The saga of this recipe started back in February, when we rented a car and went to Whole Foods. Whole Foods is like a wonderland to me. We don’t have one in Salem, so it’s like a special treat to go somewhere that isn’t Roth’s or Safeway, and even more so when it’s a grocery store that has all kinds of fun specialty ingredients that I can’t find anywhere in Salem. I wander around with stars in my eyes and Jeremy tries to make me focus long enough to stop marveling at wonders like chestnut puree and broccoli raab, and figure out what we are actually going to be eating. On this occasion, we were oohing and aahing over the fish counter, and Jeremy pointed out some whole silk snappers with big shiny googly eyes. I conceded that, yes, they looked very fresh and lovely, and somehow, before I could account for it, he had talked me into cooking one. By the time the fishmonger wrapped it up and handed it over, I was already quaking with fear.
Fish in general makes me nervous, because I can’t handle unexpected or hard object in my meats. Bones and gristle freak me out, but big pork chop bones or chicken bones are much easier to spot and avoid than fish bones. I tend to eat fish in very small bites because of the terrifying possibility of getting a fish bone in my mouth. Even without swallowing it, the feeling (or, to be honest, sometimes even the thought) of a fish bone or scale inadvertently placed in my mouth is enough to make me feel a little sick. So a whole fish was way out of my comfort zone, by miles. I was out there in no-man’s land with the barbed wire and landmines.
I decided to make things a bit easier on myself by baking the fish al cartoccio, like I had seen demonstrated on Molto Mario. You put the whole fish, sans fins, in a parchment paper or foil packet with some aromatics and a bit of liquid, and it basically steams in the oven. Because freshness is so important with seafood, I had to swallow the big lump in my throat quickly and get on with the cooking. So I had Jeremy, my sous chef, cut off the fins for me, added some olive oil, white wine, salt, pepper, sliced garlic, and some fresh herbs, wrapped it all up in parchment, and popped it in the oven. Turns out it was incredibly easy to cook. Once it was in the oven, I made up a pot of quinoa pilaf, and the fish was ready before the grains were. The fish was very moist and tender, and quite tasty, though we werenâ€™t entirely sure how to go about getting the fillets off the fish without getting a ton of bones. Jeremy managed it in the end, though I still took teeny tiny bites just to be on the safe side. The idea of cooking and eating a whole fish still kind of squicked me out in general, though; I have a hard time with dinners that can look back at me. I’m a delicate flower, after all.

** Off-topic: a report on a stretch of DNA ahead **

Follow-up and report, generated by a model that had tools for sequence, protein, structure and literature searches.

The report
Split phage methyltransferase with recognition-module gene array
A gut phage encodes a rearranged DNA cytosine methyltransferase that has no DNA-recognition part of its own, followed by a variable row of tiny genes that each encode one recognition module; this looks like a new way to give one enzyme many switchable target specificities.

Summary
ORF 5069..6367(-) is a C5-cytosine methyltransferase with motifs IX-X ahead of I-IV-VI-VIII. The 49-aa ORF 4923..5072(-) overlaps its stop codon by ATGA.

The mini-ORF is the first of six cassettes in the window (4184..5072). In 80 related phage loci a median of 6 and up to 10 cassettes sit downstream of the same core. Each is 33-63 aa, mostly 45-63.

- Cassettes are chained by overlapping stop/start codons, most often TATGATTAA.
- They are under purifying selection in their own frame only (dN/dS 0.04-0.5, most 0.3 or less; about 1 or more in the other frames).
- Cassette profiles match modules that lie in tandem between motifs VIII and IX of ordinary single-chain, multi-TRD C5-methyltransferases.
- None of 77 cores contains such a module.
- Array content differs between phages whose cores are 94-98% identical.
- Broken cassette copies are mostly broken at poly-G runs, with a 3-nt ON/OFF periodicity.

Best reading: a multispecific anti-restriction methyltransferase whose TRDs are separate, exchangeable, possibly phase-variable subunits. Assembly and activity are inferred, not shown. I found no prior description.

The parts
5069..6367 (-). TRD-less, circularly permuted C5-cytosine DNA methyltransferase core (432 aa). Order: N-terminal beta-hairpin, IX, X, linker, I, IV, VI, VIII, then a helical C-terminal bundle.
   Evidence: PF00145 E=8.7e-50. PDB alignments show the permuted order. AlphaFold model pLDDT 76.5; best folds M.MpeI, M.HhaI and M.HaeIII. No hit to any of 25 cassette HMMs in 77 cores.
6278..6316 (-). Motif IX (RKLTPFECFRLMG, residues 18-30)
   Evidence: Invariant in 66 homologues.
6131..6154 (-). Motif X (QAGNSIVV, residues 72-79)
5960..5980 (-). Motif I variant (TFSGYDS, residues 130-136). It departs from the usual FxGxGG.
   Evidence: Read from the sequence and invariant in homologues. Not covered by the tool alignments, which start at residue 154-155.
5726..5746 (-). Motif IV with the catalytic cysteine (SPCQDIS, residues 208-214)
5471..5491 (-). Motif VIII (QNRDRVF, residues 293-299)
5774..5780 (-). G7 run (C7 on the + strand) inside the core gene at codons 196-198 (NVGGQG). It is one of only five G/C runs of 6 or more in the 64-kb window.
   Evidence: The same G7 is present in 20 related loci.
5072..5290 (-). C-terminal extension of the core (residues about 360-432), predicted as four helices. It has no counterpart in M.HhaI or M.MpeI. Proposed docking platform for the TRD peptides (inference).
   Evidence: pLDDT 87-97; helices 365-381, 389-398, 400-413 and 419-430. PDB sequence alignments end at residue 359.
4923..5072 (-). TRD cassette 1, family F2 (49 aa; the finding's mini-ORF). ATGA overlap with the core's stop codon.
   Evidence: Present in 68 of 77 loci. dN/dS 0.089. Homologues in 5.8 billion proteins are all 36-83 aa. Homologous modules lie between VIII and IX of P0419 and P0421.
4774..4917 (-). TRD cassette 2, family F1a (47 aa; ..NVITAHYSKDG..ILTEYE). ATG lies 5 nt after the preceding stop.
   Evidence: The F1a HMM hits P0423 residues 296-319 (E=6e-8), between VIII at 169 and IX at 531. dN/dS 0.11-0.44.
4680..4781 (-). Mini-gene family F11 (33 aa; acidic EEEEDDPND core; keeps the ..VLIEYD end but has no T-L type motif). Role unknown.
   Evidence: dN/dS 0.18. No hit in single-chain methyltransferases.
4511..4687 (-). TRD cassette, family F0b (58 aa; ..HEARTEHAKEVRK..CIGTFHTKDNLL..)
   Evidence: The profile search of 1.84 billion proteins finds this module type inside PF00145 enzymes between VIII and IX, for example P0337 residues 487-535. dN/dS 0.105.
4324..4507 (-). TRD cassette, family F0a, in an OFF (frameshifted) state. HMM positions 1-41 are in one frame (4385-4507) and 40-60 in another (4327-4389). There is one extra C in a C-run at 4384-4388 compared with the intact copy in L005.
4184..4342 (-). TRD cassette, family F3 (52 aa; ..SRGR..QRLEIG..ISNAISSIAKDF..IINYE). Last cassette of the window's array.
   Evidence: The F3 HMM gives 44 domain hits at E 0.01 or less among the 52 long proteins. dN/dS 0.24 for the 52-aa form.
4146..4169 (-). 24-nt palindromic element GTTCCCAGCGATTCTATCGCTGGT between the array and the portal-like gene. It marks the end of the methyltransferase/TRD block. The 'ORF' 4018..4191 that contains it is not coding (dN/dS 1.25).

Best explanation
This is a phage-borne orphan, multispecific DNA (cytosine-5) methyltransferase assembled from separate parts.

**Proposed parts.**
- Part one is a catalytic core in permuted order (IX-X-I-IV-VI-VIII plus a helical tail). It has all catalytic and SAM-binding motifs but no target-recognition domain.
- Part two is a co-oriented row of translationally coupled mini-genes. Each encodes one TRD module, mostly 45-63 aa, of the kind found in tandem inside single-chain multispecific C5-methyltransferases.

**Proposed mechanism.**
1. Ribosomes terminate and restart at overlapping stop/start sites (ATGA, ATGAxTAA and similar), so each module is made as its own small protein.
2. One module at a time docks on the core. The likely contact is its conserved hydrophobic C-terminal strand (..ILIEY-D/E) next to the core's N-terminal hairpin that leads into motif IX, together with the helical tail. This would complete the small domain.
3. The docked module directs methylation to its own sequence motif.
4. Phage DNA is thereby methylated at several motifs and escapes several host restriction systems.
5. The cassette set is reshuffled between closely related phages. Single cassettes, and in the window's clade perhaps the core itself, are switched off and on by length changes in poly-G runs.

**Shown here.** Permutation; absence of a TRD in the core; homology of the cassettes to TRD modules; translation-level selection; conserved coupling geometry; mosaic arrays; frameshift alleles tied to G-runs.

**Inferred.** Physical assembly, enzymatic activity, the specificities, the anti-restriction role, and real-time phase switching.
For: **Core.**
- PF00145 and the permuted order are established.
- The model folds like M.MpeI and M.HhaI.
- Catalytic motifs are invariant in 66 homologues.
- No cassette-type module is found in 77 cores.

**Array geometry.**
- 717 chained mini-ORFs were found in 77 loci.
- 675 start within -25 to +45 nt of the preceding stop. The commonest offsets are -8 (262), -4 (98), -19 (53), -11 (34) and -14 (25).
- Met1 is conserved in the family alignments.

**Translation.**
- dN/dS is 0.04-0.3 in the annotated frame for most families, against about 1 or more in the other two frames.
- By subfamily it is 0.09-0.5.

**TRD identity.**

Last night we made fish al cartoccio again, this time with a fresh whole trout I got at Safeway, weighing just over a pound. I was very proud of myself, because Jeremy wasn’t there and I bought it anyway. I couldn’t really pass it up: It was incredibly fresh and cheap, and I’ve always liked the flavor of trout. This time I told myself to suck it up, and took care of the fins and stuff myself. I did the trout on a bed of thinly sliced onion, stuffed with parsley, dill and lemon slices, topped with a smear of lemon-shallot butter (1/2 stick soft butter, zest of 1 lemon, and a small minced shallot, stirred up) and some lemon slices, with an olive oil and white wine drizzle. Before I stuck it in the oven I prepped some oniony couscous and asparagus, and while the fish cooked for 15 minutes, I got those made. The asparagus was skillet cooked a la Lidia Bastianich, and was a perfect complement to the rest.
Whole Fish in a Parchment Packet
This is a plan of attack, more than a recipe. The most important bit, of course, is the freshness of the fish.
1 (1-2 lb) whole fish, dressed
aromatics (eg: onion, garlic, lemon slices)
fresh herbs (eg: parsley, dill, thyme, rosemary, etc.)
liquids (eg: white wine, lemon juice)
salt and pepper
Preheat the oven to 400F. Rinse the fish inside and out and make sure there aren’t any stray scales. On a baking sheet, place a sheet of parchment paper long enough to enclose the fish when folded in half. Put the fish on one half of the parchment and season aggressively inside and out. If desired, stuff the cavity with fresh herbs and/or aromatics. Scatter aromatics over top of the fish, drizzle with olive oil and splash with a few tablespoons (total) of your chosen liquids. Fold over the edges of the parchment and crimp into a packet, sealing with egg white (a la Mario) or staples (a la Alton). Place in the oven and cook for 15-20 minutes, based on size. When ready to eat, tear open the parchment, fillet the fish with a knife, and serve slices with your fish turner. Tons of possible variations, which we intend to try out from time to time.
Source: Based loosely on Molto Mario, with Mario Batali.
Update 1/5/12: Fish al cartoccio, or en papillote if you fancy a French slant, does not only have to be done with whole fish. I baked fillets of turbot in parchment packets with thinly sliced leek, shiitake mushrooms, shaved carrot and garlic slivers; with a little mustard butter smeared on each side and a sprinkle of salt and pepper, no additional liquid was necessary. Baked at 400F for about 12 minutes.